General Motors Working on Lightweight Magnesium Sheet Metal, Patented Corrosion Resistance Treatment
One of General Motors' goal is to reduce vehicle weight and boost fuel efficiency. Today GM announced that it's currently working on a thermal-forming process and a corrosion resistance treatment in-house for lightweight magnesium sheet metal. Magnesium is 33 percent lighter than aluminum and 75 percent lighter than steel, and this use and treatment of magnesium allows for it to be substituted for steel or aluminum. This is especially good news for truck owners as Chevrolet currently doesn't offer any competitive fuel saving technologies in its offerings. For starters, the magnesium sheet metal panels are heated up to 842 degrees but still rely on traditional panel forming methods. This allows the sheet panels to be molded into an exact shape that won't buckle or fracture under pressure. GM has already tested a rear deck lid that included a magnesium inner panel and it withstood a total of 77,000 punches from a robot and 551-pound impact drops without showing any signs of weakness. The use of magnesium inner panel as opposed to a steel one saves 2.2 pounds on its own. The use of magnesium in GM parts isn't a new thing. Steering wheels and engine cradles are made with this metal. This is the first time an automaker is branching out and using magnesium for body paneling and other structural features. The United States Automotive Materials Partnership is estimating that by the year 2020, 350 pounds of magnesium will supersede 500 pounds of steel and 130 pounds of aluminum used per vehicle. This is good for an overall weight reduction of 15 percent and as a result, can save anywhere between nine and 12 percent in fuel consumption. The corrosion system that's being developed alongside the magnesium panels withstood 10 straight weeks of 24-hour environmental testing. This included exposure to salt spray, 100 percent humidity, and extreme temperatures. Both the magnesium panels and the corrosion resistance treatment are still in testing stages so stay tuned for more information as it becomes available. What say you? Do you think the use of magnesium sheet panels will help keep the V-8 alive longer? Should Chevy moves towards an engine like Ford's EcoBoost mill? Tell us what you think in the comment section below. Source: General Motors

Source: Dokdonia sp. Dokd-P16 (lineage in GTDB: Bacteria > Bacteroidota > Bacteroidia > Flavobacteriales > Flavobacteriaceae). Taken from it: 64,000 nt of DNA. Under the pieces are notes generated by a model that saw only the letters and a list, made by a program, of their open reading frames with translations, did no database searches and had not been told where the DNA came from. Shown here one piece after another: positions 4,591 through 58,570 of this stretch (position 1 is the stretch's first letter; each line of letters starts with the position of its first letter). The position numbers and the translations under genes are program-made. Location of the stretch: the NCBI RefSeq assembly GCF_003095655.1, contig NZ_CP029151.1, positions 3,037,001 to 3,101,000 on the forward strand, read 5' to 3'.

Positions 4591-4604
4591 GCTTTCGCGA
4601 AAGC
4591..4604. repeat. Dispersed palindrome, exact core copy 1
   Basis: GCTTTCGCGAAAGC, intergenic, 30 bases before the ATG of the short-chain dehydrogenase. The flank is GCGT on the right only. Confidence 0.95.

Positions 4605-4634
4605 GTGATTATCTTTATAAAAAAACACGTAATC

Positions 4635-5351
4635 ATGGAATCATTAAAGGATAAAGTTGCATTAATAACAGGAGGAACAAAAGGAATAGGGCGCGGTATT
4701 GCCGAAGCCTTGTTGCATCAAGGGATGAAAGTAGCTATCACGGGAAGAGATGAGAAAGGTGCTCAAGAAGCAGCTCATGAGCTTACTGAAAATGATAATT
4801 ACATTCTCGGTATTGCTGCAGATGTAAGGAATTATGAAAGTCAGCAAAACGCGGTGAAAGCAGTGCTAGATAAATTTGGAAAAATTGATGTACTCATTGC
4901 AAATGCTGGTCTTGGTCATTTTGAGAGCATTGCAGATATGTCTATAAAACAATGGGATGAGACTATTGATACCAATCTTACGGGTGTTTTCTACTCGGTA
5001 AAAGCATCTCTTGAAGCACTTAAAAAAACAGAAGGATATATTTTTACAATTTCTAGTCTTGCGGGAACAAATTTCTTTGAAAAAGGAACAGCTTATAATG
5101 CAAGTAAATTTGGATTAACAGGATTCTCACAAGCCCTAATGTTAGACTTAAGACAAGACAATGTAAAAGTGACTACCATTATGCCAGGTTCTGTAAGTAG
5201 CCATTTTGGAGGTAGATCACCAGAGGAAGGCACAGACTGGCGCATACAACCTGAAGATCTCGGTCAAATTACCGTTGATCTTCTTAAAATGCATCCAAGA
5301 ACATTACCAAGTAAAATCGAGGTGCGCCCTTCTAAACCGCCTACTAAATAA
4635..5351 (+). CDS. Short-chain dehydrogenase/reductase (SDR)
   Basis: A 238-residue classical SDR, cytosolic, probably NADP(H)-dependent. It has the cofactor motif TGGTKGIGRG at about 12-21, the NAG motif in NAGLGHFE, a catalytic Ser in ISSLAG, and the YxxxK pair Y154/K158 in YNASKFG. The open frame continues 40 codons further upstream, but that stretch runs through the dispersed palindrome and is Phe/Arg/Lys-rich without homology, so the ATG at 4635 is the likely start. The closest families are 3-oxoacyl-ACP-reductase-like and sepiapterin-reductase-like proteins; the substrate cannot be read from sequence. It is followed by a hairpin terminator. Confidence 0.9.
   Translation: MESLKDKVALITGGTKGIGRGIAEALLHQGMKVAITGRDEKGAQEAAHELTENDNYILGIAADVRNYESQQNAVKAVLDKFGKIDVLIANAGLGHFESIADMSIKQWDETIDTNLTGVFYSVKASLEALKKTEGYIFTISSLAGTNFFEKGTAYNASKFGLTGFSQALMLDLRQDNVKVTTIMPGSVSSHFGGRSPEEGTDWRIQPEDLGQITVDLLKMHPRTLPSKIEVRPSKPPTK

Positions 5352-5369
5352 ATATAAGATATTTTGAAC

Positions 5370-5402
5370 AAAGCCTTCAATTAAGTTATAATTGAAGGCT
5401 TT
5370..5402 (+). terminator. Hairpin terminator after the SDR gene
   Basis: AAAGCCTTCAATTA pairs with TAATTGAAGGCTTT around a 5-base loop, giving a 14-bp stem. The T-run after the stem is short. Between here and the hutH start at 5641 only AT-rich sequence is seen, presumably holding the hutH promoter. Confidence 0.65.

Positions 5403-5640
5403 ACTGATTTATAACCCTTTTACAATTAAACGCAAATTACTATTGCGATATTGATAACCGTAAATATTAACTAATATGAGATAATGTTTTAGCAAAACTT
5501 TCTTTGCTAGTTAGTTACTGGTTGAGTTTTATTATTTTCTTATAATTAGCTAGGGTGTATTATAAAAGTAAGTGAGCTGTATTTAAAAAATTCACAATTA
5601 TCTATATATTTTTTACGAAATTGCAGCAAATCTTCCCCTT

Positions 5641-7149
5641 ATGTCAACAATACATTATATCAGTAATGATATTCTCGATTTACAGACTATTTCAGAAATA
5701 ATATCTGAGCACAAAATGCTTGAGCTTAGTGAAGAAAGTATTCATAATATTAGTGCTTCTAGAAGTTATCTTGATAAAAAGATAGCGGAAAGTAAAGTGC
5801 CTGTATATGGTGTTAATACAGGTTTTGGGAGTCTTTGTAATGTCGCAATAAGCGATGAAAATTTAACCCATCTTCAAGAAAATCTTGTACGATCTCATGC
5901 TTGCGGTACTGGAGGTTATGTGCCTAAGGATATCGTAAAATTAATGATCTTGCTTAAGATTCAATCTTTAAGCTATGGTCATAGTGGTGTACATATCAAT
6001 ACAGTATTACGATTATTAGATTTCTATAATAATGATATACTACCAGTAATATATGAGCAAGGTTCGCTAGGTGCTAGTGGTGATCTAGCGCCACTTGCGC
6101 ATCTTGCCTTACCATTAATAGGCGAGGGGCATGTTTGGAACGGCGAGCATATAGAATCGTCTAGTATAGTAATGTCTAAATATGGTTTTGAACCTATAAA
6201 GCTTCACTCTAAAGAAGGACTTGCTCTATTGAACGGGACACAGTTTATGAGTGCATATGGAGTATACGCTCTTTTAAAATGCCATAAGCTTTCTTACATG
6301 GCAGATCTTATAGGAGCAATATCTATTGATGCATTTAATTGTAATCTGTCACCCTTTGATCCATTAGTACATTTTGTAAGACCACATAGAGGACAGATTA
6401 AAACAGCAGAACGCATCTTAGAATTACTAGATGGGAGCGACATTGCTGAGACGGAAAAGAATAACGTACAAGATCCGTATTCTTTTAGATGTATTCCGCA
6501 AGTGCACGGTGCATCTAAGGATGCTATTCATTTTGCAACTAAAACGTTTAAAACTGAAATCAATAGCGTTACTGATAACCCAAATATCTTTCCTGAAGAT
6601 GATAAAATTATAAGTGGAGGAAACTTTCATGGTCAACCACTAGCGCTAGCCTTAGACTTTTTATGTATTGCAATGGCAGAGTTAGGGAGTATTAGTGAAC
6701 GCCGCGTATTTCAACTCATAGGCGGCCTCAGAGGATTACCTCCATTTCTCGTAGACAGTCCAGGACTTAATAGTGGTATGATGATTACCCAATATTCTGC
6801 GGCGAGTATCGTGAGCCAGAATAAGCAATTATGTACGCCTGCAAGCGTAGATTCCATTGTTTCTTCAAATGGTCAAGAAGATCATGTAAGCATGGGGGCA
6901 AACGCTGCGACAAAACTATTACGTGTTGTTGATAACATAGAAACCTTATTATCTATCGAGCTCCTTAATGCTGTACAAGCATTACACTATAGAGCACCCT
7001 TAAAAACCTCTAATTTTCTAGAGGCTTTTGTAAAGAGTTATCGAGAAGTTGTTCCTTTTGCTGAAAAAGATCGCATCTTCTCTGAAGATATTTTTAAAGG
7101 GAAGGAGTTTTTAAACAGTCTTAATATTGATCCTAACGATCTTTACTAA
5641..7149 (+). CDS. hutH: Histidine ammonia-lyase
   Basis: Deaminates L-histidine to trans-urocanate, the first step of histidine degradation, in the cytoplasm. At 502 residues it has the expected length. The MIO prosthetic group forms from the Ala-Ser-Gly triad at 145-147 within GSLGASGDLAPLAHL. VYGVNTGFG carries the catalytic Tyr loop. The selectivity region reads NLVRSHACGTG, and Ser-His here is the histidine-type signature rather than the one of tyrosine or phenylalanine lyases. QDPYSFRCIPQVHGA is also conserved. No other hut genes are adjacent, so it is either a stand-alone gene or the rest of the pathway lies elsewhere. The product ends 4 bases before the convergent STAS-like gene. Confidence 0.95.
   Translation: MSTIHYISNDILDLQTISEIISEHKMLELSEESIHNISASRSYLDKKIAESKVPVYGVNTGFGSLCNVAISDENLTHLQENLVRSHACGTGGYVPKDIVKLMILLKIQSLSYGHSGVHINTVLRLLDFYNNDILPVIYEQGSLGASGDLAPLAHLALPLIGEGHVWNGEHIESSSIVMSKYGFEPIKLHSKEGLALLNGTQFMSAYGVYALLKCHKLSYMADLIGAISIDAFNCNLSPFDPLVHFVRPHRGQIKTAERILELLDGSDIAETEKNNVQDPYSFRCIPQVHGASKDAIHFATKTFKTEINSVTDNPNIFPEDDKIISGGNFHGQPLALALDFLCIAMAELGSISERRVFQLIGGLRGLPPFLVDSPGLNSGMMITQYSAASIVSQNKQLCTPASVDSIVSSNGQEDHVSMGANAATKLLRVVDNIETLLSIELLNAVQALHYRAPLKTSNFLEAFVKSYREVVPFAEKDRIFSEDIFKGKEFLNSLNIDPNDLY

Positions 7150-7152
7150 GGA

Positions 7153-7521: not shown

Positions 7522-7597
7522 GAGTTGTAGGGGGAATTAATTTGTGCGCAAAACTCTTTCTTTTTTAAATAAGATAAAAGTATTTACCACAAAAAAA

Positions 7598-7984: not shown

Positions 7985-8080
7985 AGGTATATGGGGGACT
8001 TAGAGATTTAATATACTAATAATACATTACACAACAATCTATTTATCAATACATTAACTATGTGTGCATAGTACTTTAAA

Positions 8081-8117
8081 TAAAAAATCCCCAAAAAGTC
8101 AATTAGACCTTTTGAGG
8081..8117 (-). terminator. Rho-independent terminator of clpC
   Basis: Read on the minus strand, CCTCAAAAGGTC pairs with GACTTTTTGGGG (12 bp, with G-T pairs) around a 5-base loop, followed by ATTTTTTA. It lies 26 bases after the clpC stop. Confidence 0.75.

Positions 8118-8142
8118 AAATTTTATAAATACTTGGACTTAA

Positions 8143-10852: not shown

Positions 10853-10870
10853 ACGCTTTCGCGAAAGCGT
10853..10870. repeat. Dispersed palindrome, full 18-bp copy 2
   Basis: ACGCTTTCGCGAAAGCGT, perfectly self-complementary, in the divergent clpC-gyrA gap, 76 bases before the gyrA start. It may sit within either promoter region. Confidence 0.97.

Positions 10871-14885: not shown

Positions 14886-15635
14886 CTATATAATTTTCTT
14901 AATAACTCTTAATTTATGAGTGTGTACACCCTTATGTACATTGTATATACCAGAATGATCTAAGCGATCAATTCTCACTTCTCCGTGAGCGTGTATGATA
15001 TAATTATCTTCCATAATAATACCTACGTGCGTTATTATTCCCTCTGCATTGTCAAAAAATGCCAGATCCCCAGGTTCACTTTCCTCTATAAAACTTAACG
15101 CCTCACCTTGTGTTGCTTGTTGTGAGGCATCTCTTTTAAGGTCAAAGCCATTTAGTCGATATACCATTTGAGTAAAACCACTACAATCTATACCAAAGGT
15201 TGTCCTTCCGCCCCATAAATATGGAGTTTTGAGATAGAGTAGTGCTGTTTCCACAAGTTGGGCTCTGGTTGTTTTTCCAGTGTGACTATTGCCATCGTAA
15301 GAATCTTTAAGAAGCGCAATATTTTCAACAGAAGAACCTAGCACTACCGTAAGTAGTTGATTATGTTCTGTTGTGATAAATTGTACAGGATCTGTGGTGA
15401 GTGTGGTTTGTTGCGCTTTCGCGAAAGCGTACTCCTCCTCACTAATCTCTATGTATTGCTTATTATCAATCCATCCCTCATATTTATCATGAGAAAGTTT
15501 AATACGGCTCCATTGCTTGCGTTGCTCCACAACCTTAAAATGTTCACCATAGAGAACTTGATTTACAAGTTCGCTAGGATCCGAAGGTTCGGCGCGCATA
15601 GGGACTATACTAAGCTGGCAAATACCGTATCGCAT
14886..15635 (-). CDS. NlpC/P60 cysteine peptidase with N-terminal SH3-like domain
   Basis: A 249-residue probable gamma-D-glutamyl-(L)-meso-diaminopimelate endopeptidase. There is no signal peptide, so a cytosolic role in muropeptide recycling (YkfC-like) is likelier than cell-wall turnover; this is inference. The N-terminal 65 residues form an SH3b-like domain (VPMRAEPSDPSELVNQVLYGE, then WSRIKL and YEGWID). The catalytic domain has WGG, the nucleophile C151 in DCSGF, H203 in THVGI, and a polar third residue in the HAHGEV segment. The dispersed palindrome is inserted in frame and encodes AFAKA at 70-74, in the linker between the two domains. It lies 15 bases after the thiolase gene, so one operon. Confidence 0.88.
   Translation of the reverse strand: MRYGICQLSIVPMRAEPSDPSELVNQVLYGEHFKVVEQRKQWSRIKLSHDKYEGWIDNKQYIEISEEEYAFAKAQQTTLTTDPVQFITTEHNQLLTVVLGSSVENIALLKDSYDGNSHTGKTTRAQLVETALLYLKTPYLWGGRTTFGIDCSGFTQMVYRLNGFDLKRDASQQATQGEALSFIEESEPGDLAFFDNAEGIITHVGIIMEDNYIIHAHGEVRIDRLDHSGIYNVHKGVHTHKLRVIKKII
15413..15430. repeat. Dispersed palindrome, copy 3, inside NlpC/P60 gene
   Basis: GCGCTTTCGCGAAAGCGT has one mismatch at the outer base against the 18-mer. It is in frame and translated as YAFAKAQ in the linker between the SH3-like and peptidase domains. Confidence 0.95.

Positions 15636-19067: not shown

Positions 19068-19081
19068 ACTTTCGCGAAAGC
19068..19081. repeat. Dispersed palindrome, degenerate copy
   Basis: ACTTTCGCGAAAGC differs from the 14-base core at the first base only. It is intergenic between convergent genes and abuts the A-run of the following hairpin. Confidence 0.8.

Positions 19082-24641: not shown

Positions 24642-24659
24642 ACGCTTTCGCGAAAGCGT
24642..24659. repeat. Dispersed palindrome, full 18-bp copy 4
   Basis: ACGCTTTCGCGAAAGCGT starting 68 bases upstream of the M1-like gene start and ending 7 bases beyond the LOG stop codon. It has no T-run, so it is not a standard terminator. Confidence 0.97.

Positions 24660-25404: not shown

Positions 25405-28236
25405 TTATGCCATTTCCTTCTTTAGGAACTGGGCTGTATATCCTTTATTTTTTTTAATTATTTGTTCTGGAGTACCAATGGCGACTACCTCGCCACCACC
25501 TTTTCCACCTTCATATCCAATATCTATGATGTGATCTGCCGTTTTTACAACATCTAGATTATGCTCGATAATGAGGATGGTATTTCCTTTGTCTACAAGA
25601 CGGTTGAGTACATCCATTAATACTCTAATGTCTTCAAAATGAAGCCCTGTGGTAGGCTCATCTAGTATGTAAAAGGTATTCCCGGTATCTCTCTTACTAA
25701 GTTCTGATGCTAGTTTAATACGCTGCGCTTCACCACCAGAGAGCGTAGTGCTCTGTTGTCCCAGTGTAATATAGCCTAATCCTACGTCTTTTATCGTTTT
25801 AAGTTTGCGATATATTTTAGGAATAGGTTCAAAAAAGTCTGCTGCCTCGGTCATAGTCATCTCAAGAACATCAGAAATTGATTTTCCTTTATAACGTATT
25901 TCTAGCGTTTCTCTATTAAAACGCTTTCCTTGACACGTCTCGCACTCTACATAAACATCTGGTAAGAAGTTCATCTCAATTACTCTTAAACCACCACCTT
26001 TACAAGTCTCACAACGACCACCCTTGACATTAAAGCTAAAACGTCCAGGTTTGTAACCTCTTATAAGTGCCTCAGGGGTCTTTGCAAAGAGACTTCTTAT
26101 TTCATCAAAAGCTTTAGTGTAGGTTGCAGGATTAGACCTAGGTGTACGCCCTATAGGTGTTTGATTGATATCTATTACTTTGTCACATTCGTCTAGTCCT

Another day, another batch of 2014 Chevrolet Corvette spy photos.